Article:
Five takeaways from the Iowa legislature's opening day in 2018

The Iowa House and Senate convened Monday with the usual big promises and platitudes about working together to build a better future for Iowans.

Behind the optimistic rhetoric, all signs point to another contentious legislative session. The opening day speeches by Republican and Democratic leaders, enclosed in full below, revealed almost no common ground about the focus of lawmakers’ work and no indication that the most important bills will incorporate Democratic ideas. My takeaways:

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Independent bids for Iowa governor are a waste of time

Brent Roske has ended his independent candidacy for Iowa governor, explaining in a December 26 Facebook post that he will be “stepping back into the media world” soon.

At least one other gubernatorial candidate, Gary Siegwarth, is trying to qualify for the general election ballot as an independent. Like Roske, he has little chance of moving the ball forward on the issues that are driving his candidacy.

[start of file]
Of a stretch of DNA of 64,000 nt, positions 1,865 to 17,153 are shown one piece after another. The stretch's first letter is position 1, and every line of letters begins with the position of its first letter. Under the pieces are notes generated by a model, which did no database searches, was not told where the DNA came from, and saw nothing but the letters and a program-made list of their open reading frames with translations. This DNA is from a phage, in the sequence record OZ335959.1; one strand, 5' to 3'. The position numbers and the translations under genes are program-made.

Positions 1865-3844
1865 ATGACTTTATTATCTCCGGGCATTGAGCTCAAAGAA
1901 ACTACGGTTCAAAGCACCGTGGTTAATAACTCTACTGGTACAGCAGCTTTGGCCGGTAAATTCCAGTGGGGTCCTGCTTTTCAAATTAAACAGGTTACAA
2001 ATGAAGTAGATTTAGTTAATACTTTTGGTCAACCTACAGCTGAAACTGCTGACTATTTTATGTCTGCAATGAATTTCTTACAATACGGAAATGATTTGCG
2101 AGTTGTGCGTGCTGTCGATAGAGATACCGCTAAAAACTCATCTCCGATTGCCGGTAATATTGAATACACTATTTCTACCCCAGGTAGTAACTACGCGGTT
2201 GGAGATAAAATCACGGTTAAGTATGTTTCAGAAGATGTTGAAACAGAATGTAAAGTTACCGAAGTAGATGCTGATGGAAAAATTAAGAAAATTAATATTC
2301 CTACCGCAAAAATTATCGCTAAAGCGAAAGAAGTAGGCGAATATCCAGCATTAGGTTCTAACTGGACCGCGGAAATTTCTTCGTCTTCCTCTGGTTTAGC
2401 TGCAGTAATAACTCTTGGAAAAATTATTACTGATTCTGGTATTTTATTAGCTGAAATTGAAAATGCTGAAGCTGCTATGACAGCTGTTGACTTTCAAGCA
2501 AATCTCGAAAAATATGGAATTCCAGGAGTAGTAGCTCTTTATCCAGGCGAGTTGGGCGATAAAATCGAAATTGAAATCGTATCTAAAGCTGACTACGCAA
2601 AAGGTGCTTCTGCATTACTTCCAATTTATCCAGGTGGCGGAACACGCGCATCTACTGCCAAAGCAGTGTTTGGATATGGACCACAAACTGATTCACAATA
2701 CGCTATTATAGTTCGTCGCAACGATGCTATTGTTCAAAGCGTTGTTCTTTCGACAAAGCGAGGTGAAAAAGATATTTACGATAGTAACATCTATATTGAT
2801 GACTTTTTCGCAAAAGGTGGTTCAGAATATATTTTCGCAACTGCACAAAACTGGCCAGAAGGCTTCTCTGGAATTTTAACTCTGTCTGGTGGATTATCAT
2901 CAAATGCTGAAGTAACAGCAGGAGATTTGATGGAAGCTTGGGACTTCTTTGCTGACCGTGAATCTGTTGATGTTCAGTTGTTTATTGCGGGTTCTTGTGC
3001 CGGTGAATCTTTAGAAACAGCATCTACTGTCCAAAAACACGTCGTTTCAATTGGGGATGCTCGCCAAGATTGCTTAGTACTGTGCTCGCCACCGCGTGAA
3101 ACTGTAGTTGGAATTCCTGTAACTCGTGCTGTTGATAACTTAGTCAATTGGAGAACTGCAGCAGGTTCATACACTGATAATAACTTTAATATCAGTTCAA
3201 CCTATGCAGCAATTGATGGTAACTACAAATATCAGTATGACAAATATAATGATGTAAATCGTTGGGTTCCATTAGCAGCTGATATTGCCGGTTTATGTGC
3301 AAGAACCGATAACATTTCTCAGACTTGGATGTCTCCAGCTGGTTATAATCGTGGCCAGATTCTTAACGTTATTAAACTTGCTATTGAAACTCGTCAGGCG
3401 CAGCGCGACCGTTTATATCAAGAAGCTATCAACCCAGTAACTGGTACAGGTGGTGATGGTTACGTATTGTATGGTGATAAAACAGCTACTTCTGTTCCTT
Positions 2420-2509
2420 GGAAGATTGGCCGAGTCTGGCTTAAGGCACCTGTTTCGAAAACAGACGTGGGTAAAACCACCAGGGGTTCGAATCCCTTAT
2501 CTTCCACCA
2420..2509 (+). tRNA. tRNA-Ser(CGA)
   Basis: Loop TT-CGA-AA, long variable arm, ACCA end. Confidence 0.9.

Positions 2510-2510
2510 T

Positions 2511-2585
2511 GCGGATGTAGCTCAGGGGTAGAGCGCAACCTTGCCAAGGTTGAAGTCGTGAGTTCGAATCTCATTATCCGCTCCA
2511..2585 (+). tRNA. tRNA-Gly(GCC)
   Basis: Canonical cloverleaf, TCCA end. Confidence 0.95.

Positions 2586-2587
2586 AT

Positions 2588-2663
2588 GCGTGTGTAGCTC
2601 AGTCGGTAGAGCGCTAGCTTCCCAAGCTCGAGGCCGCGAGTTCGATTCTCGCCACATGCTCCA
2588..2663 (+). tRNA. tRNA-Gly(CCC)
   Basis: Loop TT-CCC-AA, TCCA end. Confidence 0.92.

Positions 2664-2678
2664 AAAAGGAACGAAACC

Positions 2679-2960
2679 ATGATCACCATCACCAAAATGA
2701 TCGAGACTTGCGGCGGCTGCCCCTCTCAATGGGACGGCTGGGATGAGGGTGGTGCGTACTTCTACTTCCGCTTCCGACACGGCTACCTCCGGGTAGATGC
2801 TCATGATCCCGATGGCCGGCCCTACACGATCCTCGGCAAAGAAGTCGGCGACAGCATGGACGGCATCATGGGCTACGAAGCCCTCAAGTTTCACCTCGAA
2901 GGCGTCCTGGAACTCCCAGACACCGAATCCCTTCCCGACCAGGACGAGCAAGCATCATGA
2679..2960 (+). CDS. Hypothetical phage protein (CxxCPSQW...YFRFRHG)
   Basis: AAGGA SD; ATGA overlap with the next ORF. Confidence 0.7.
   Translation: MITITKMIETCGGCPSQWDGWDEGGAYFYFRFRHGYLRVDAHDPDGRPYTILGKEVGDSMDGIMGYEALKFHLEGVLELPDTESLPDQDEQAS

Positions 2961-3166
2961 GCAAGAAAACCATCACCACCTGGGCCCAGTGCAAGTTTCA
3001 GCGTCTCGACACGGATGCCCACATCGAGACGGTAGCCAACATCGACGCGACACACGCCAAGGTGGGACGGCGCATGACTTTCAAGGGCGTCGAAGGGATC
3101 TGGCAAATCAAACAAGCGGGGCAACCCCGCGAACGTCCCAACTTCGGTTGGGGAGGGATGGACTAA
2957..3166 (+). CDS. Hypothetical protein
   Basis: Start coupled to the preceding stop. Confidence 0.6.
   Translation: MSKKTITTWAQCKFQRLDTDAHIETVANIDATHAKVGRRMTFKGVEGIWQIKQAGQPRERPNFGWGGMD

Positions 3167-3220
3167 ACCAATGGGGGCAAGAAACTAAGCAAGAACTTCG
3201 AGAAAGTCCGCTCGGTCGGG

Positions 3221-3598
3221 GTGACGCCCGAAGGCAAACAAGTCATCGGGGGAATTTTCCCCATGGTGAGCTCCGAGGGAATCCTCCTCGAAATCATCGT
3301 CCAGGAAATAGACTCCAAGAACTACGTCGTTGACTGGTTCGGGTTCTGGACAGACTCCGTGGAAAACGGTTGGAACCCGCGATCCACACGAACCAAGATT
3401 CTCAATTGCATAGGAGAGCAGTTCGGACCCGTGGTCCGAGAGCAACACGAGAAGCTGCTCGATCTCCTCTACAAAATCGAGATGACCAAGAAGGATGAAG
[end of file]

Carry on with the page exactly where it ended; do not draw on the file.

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Recognizing Bleeding Heartland's talented 2017 guest authors

Bleeding Heartland published 140 guest posts by 81 authors in 2016, a record since the blog’s creation in 2007.

I’m happy to report that the bar has been raised: 83 authors contributed 164 guest posts to this website during 2017. Their work covered an incredible range of local, statewide, and national topics.

Some contributors drew on their professional expertise and research, writing in a detached and analytical style. Others produced passionate and intensely personal commentaries, sometimes drawing on painful memories or family history.

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Iowans not happy with mental health, Medicaid, school funding, taxes

Clear majorities of Iowans disapprove of how the state legislature and executive branch are handling mental health care, Medicaid, education funding, and taxes, according to the latest statewide survey by Selzer & Co for the Des Moines Register and Mediacom.

Even worse for Republicans: more than 70 percent of respondents said each of those issues would be a “major consideration when you choose how you will vote in the 2018 election.”

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A rare victory for Iowa water quality

Following a public outcry, the Iowa Department of Natural Resources has abandoned an effort to weaken the state’s E. coli water quality standards.

Officials had designed the change with the explicit goal of reducing the number of Iowa waterways deemed impaired. Environmental advocates had warned public health would suffer if the DNR assessed waterways based on average readings of E. coli levels, rather than the highest single measurement of the bacteria.

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